All new-build homes and offices with parking spaces will soon be required to have electric vehicle charging points. Neil Gosling examines the implications

The government’s confirmation that it intends to legislate for all new-build homes and offices with parking spaces to require electric vehicle (EV) charging points is a gamechanger in the shift to net zero transportation.


Speaking in parliament last in September, transport minister Rachel Maclean said the government would publish its response to a two-year-old consultation on mandating EV charging points later this year.

This is expected to contain a requirement that all new residential and non-residential buildings must come with an EV charging station – news that will be welcomed by the hundreds of thousands of EV owners in the UK.

This legislation would make the UK the first country to mandate charging points in all new-build developments

If passed, this legislation would make the UK the first country to mandate charging points in all new-build developments and would be the latest in a string of indications that Westminster sees the future of personal transport as electric.

It would also combat one of the major barriers to drivers switching to electric. Retrofitting charging stations is a lot more expensive than implementing the infrastructure during construction of a new development – on average £2,040 compared with £976 per space.

However, having charging points on all homes with a parking space will greatly increase the burden on the cables and wires distributing power to the estate – especially if EVs become as common as petrol and diesel vehicles.

At present the nominal maximum load a development’s connection is designed to take does not take EV charging stations into account

There are risks associated with multiple charging points on an estate being used at once, such as overloading their connections. At present the nominal maximum load a development’s connection is designed to take does not take EV charging stations into account.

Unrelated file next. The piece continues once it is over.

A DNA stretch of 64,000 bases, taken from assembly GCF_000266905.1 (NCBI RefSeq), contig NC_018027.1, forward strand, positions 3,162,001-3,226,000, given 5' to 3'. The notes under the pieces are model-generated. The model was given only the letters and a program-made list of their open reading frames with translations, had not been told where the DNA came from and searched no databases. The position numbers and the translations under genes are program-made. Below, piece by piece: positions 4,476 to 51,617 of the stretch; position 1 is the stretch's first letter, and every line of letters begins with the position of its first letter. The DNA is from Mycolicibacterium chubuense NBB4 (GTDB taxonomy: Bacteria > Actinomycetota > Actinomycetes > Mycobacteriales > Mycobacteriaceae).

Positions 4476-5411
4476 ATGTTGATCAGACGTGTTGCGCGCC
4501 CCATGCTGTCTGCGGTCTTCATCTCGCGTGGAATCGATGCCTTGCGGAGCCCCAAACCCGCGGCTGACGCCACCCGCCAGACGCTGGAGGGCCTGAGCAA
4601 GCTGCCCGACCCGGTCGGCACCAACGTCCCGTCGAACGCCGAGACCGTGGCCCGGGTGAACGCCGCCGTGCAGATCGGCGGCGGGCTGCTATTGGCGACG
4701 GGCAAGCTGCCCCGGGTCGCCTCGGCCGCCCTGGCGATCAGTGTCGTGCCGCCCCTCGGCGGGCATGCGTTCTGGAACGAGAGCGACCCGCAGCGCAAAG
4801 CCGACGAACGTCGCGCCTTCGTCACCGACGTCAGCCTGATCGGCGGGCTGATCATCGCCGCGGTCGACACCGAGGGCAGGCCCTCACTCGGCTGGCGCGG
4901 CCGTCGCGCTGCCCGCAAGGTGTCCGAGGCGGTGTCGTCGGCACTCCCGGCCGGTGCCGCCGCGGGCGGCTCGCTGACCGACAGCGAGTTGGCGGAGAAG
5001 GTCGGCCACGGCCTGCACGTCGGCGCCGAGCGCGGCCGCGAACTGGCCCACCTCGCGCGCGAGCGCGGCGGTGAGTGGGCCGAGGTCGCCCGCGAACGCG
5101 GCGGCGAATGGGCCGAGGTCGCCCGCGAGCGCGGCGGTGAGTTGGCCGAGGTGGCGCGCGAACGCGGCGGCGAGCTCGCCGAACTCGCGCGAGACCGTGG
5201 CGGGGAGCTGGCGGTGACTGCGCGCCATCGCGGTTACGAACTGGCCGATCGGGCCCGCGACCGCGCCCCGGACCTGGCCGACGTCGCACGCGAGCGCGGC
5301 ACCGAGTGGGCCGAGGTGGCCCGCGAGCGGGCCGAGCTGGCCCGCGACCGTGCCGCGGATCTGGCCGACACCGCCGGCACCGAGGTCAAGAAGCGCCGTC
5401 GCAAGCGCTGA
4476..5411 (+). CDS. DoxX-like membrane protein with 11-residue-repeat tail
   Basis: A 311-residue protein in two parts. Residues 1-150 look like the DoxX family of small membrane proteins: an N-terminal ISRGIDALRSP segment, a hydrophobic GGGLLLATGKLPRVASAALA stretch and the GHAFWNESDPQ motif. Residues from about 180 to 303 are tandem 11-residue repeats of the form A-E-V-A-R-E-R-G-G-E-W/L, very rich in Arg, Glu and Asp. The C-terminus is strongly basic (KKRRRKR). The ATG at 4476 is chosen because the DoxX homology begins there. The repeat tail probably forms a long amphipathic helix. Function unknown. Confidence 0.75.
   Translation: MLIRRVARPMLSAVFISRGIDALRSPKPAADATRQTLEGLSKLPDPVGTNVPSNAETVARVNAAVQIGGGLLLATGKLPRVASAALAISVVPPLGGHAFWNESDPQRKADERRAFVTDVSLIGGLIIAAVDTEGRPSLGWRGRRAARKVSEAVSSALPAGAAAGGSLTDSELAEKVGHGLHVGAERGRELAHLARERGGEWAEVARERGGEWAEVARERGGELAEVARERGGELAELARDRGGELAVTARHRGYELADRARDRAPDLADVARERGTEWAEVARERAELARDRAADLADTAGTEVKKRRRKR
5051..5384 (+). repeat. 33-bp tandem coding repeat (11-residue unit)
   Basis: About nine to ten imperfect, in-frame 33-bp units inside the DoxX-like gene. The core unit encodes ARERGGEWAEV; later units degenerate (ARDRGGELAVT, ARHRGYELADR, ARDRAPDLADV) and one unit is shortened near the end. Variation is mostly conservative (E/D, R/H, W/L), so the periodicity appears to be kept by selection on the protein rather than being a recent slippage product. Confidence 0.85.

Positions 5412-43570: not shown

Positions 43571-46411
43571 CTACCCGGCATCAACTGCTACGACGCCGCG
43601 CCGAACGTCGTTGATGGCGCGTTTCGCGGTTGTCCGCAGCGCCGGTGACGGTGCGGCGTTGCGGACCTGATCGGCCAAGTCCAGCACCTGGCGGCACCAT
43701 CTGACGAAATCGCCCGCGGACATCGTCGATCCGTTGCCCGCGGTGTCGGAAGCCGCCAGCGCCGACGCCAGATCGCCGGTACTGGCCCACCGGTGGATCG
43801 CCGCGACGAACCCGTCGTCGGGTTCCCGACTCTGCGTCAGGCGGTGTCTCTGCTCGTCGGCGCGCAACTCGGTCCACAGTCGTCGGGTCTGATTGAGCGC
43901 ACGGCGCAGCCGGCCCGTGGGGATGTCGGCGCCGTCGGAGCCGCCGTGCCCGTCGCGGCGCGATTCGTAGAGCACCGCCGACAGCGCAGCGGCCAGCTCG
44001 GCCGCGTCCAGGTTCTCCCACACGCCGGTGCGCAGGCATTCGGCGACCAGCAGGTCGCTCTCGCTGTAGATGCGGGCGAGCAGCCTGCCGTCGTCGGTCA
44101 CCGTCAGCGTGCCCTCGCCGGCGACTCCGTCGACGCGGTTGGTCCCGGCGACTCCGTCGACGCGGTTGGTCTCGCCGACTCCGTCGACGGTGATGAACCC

New approaches are needed to decrease the peak load demand created by multiple EVs charging at the same time, to avoid the predicted 30% rise in peak electricity consumption in 10 years’ time.

Demand spikes

Charging points can draw a lot of power from the grid and, without control, there is the potential for huge spikes in demand. This could lead to brownouts as insufficient electricity is shared around, or potentially the failure of distribution equipment that cannot handle the currents running through them.

However, many distribution network operators (DNOs) discount as unlikely the possibility that everyone will be charging their cars while running the tumble dryer and boiling the kettle. Consequently, when calculating the reinforcement their networks will need for a new estate connecting in, they require no additional capacity to account for EV charging points.

This allows the network operator to give a more competitive price for a connection but creates a problem for developers (and indeed drivers) in the long run. As EVs become more ubiquitous, the real burden on the networks will hopefully be recognised, and the Distribution Code that guides DNOs’ activities will be updated.

Smart charging

One solution is smart charging – a system whereby an EV charging station can share its usage data via the cloud and slow down the charging rate when overall electricity demand is high. This could allow peak demand to be reduced, helping prevent EVs becoming a burden on the power grid.

However, this is rather like the smart meter in your house being able to turn down the thermostat, so will presumably require commercial agreements to compensate people who will not get their vehicles charged as fast as they wanted. There is an opportunity here though for management companies looking to aggregate residents’ charging demand and get paid to reduce overall demand at peak times.

We have started to see some agreements being put in place between high-profile housebuilders and installers, which will ensure the charging points can be controlled when necessary. These early adopters are already showing how spikes can be smoothed by shutting down chargers when power is at a premium and turning them back on when demand is lessened. This can reduce the need for expensive reinforcement of the electricity network.

Looking ahead

To reach the UK’s ambitious target of becoming net zero by 2050, renewables must become an integral part of housebuilding efforts. Given that tens of millions of EVs could one day be on the UK’s roads as they replace petrol and diesel vehicles in a long-term strategy to decarbonise personal transport, domestic charging could soon become the norm.

To support this ambition, it is vital there is minimal impact on the grid and to deliver this, smart charging, delivered by commercial agreements, should be a priority.

Neil Gosling is a partner and head of residential development at Shakespeare